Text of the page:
Paul French in the LARB Blog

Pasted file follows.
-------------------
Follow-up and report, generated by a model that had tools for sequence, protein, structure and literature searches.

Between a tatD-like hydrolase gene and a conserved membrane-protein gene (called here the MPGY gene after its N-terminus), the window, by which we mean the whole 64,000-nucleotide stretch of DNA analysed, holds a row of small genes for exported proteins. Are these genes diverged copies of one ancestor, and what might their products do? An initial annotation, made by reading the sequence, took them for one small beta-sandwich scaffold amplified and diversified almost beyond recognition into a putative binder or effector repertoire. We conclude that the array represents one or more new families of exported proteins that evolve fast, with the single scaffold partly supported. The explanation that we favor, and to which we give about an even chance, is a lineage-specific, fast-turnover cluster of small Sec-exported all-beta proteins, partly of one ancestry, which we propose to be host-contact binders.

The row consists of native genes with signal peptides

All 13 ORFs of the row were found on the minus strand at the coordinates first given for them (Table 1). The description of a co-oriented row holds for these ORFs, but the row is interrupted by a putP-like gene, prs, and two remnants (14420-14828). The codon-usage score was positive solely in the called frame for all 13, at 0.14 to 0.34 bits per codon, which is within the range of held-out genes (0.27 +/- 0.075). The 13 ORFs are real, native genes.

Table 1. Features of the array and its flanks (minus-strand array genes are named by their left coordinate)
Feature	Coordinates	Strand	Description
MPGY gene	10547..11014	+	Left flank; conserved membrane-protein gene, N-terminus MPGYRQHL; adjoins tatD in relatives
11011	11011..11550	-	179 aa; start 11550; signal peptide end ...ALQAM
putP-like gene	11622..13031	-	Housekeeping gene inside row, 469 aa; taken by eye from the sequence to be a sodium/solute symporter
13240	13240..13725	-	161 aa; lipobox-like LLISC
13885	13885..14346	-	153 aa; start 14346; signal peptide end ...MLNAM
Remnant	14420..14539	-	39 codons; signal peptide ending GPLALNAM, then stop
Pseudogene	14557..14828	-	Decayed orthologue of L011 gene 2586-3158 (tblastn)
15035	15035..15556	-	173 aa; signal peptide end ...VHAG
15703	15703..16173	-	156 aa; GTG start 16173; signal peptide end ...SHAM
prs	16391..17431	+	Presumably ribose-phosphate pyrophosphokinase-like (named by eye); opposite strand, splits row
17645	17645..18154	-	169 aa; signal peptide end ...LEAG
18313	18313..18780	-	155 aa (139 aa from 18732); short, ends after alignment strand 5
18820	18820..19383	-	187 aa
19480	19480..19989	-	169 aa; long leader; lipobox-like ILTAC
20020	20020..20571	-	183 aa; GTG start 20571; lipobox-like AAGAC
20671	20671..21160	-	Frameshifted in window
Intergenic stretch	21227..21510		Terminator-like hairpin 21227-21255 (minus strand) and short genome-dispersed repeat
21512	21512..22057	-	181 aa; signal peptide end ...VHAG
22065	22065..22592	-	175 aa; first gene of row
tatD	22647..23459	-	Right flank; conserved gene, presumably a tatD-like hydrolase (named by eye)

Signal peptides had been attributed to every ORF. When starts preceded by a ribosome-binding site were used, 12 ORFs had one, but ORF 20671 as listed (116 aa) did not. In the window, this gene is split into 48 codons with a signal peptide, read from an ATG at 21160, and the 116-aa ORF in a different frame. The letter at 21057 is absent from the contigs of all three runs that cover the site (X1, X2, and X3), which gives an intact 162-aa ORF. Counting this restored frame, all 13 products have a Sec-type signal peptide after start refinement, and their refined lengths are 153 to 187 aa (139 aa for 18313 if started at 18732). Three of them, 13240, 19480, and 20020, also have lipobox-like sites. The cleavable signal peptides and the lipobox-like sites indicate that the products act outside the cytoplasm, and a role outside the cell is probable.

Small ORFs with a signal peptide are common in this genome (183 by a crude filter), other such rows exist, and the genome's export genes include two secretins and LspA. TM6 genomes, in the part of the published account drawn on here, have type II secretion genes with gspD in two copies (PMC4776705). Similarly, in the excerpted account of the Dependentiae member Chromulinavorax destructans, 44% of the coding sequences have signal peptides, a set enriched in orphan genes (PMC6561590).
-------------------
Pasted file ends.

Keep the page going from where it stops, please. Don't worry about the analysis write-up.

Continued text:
Jack London’s time as a war correspondent in Asia has rather slipped from his popular biography. The “big books” (The Call of the Wild, White Fang, The Sea-Wolf, The Iron Heel), his leftist politics, the man’s-man adventurer persona — these are what have come to dominate. The same goes for the conflagration he covered, the Russo-Japanese War of 1904-05. It, too, has rather slipped from history. It shouldn’t have. Indeed it should be front-and-center right now as we commemorate the centenary of World War I and, in some parts of Asia, as a recent post to this blog emphasized, attention is also being paid to the 120th anniversary of the 1894-95 Sino-Japanese War. We need to make room for the big event that fell halfway between the two. This month marks the 110th anniversary of still another war — one that not only shook the solidity of Western right and might (the first time an Asiatic power defeated a European one) but offered a first taste to the Generals and politicians of Europe and America of what the more globally famous and infamous modern, mechanized wars to come would look like.